I hope everyone has had a wonderful summer and has enjoyed many wonderful outside activities with family and friends. In June, my husband and I spent a terrific week at the Chautauqua Institution in western New York, and then in August, we celebrated my mom’s 75th birthday in Ohio. In addition, the American Pediatric Surgical Nurses Association (APSNA) Board has spent the summer furthering the many initiatives decided upon at our annual conference in May.
When I decided to accept the nomination as President-Elect of APSNA, I knew I was making a significant, 3-year commitment to the organization. I had some idea of what I was signing up for from my two previous terms on the Board, but I also knew that the organization had grown a great deal over the years and that the responsibilities and expectations for board members had increased as well. I realized that, if elected, the membership would be entrusting me with the great honor and responsibility of leading the organization and that it was not a decision to be made lightly.
In 2011, I ran and lost the election to my predecessor, Neil Ead, who did a phenomenal job of leading us through a year of significant change as we began in earnest to transition the work of the Board away from administrative tasks and toward governance. I ran again in 2012 and was thrilled to receive the call that I was to be the next President-Elect, and then President, of APSNA. When reality hit, I remained excited but realized that I was also a bit intimidated. For a while, I alternated between feelings of worry and anticipation, wondering how I would be able to provide the high level of commitment required of the President of the organization. Like most of our day jobs, mine is pretty demanding, and I was nervous about balancing my responsibilities. Thankfully, I have the support of my husband and my colleagues, but I was concerned that perhaps that still wasn’t enough. And then, in the midst of preparing to accept the traditional APSNA Presidential Hegar dilator (in lieu of the more traditional presidential gavel), I had an insight that significantly changed my outlook. I decided that, for the next 2 years…APSNA would be my hobby!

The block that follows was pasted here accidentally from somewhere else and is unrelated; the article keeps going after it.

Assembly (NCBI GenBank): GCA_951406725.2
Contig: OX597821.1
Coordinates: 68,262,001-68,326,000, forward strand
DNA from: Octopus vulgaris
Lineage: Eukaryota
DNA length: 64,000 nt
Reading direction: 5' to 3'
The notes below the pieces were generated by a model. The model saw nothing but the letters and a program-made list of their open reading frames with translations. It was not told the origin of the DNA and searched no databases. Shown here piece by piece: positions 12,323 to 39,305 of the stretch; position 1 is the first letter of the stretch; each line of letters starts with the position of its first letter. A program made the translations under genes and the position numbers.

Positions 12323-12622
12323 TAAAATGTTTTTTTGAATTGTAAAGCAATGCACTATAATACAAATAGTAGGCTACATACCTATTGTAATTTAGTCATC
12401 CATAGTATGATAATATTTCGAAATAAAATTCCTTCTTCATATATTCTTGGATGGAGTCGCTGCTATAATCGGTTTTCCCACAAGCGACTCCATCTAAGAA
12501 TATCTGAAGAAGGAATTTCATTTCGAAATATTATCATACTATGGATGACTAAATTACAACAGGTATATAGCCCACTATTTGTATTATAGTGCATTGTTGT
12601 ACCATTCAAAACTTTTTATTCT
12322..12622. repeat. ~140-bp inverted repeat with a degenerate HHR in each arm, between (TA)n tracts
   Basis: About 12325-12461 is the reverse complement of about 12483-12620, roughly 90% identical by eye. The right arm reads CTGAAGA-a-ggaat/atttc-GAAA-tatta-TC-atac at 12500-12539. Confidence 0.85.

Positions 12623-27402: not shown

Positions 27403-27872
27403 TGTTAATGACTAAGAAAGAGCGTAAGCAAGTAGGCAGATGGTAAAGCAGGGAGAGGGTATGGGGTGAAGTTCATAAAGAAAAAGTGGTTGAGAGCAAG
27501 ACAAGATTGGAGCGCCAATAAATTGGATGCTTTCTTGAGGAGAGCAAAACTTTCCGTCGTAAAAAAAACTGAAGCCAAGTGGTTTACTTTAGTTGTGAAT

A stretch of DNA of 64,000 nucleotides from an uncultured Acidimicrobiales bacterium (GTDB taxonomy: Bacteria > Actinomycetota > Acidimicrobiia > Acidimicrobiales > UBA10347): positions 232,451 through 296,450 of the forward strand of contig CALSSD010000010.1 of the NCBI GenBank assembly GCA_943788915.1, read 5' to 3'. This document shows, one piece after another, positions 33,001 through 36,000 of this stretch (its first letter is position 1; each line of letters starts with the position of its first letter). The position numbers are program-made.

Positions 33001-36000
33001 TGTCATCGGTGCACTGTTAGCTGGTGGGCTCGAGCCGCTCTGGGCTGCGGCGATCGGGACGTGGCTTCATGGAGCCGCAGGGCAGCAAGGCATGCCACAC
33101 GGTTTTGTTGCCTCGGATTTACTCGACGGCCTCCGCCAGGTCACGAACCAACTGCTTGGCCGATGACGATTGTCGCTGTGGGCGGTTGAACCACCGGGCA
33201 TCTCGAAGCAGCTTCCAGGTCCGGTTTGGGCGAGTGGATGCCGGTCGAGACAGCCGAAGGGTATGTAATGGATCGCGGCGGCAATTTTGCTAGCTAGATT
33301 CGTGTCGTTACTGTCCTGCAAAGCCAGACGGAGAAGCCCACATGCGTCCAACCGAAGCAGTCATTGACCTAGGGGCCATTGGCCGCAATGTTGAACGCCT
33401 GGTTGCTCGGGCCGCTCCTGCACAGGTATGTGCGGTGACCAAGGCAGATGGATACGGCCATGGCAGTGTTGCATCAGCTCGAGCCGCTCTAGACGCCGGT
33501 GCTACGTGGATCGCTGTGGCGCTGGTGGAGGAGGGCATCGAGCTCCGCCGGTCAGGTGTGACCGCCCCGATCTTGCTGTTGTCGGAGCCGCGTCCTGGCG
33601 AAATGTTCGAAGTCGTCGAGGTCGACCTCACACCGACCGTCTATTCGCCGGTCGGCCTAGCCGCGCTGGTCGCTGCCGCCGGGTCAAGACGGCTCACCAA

As stated in our 1994 Articles of Incorporation, APSNA was “organized as an association of persons having a common interest in pediatric surgical nursing with the purpose of pediatric surgical nursing.” So, what is a professional association, and what is a hobby?
According to Wikipedia (http://en.wikipedia.org/wiki/Professional_association), “a professional association (also called a professional body, professional organization, or professional society) is usually a nonprofit organization seeking to further a particular profession, the interests of individuals engaged in that profession, and the public interest.” Wikipedia defines a hobby as “a regular activity done for pleasure—typically during leisure—e.g., collecting themed items and objects, engaging in creative and artistic pursuits, playing sports.” The article on hobby in Wikipedia (http://en.wikipedia.org/wiki/Hobby) continues with “anyone who does an activity solely for fun is called an ‘amateur’ (from French for ‘lover of’) or ‘hobbyist’; whereas anyone who does an activity for a reward is a ‘professional.’” I think, then, that we are likely both hobbyists and professionals in our efforts on behalf of APSNA.